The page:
Why Big Tech Companies Can Forever Change the Way We Pay

Why Big Tech Companies Can Forever Change the Way We Pay

When it comes to payments, there are many companies, large and small, that are focused on making electronic payments convenient, secure and easy. Yet, most of these companies are focused only on one side of the “exchange of value” equation – the merchant. For the most part, the other side of the equation – the consumer – is being wholly ignored. As an industry, payments companies and start-ups believe that the merchant owns the transaction, resulting in the hyper focus to build a “better mousetrap” for the mobile or online payment.

While these new payment companies understand how to make payments work, they have ignored User Experience 101 – they have failed to put the consumer in the center of the equation. Yet, the leading consumer technology companies – Amazon, Apple, Facebook – who always focus on the consumer, are actually better suited than anyone to “disrupt” the consumer payment experience, ultimately giving them a serious opportunity to forever change the way we pay.

First, let’s take a look at Amazon. The company’s greatest strength is its ability to deliver what we want, the very day that we order it. The company’s ability to focus on the consumer’s need and deliver instant gratification will get customers to buy more products on Amazon. As the adoption of Amazon Prime has soared, the company now has the leverage and the customer base to build its own payment network. Through 1-Click ordering and mobile checkout, Amazon could essentially build their own payment network to connect with their customers on a completely new level. And, this network would be much more than a digital wallet. It would be a game changer as the vast majority of Amazon’s customers would essentially be “on account” with Amazon, instead of individual card-based transactions per order.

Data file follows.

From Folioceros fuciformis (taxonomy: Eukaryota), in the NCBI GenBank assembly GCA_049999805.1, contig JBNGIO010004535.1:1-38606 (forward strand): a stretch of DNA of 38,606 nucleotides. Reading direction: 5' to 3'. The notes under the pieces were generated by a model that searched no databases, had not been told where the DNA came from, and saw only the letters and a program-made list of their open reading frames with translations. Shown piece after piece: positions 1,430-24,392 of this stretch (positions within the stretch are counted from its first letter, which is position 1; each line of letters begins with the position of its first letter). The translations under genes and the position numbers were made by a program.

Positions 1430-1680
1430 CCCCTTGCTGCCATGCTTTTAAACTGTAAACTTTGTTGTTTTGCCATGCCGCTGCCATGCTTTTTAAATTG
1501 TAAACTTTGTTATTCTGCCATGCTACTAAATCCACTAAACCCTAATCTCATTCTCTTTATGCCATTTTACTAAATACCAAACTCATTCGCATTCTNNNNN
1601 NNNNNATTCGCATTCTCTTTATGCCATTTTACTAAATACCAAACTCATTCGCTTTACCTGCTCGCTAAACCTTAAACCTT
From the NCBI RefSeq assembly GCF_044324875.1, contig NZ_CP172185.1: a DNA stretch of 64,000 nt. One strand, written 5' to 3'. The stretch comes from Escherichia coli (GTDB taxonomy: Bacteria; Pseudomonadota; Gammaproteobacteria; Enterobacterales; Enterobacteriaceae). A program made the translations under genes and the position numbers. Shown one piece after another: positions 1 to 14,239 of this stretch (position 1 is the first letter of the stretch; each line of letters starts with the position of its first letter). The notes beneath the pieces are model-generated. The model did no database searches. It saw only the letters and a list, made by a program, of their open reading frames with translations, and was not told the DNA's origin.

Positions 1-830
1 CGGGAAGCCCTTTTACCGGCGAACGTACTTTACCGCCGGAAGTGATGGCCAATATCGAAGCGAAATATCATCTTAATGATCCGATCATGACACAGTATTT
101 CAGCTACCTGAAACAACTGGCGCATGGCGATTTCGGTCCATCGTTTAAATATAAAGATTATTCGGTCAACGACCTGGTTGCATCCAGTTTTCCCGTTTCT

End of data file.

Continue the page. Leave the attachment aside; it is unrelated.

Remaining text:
Similarly to Amazon, Apple has also built a huge database of payment information for hundreds of millions of customers through products like iTunes and the App Store. However, the real opportunity with Apple is ubiquitous hardware that makes consumer payments effortless. With the success of the iPhone 5S and its fingerprint sensor, it would be easy for Apple to bring this technology not just to iPhones, but future iPads, Macs, smart watches and other wearable technologies. The combination of high consumer engagement (the percentage of Apple customers that have made purchases online) and customer loyalty to Apple’s products, could make Apple the leading hardware company affecting payment processing by 2020.

Finally, there’s Facebook. With over a billion users, Facebook has the network effect opportunity to influence consumer behavior, but it lacks the inherent payment credentials of Apple or Amazon. With the power of social media, Facebook can own the person-to-person payment industry that currently requires a separate app (like Venmo) to exchange value between individuals and/or businesses. Facebook’s tenacious mission to make the world more open and connected, coupled with its native ability to share, gives them the unique ability to build their own e-commerce platform. Facebook also learned some valuable lessons in its first attempt at a virtual currency, “Facebook Credits,” which was focused on a consumer to merchant transaction. Today, Facebook inherently understands the sharing economy, and may well be better positioned than anyone to use their consumer intelligence to build the best mousetrap.

Payment companies and these three technology companies are all focused on the customer. The real difference is that payment companies believe the merchant is the customer while Amazon, Apple and Facebook know that the real customer is the end consumer.

AUTHOR: Matt Golis, Founder and Co-Chairman, YapStone

[This article also posted from Matt on LinkedIn]

About Matt Golis & YapStone:
Matt Golis was an independent consultant in Cleveland, working for Mountain View-based Netscape in the late 1990s. Matt believed that the way the world pays was going to massively change, with paper checks becoming a thing of the past. In early 1999, he moved to San Francisco and started RentPayment later that year. In 2001, RentPayment joined forces with YapStone, founded by Tom Villante, who is now Executive Chairman. YapStone powers payments to large markets such as property management firms, marketplaces (VRBO) and nonprofits (ParishPay). The company facilitated $8 billion in payments in 2013, generating almost $100 million in revenue, and now has 165 employees. It is also one of the fastest growing companies in the SF Bay Area.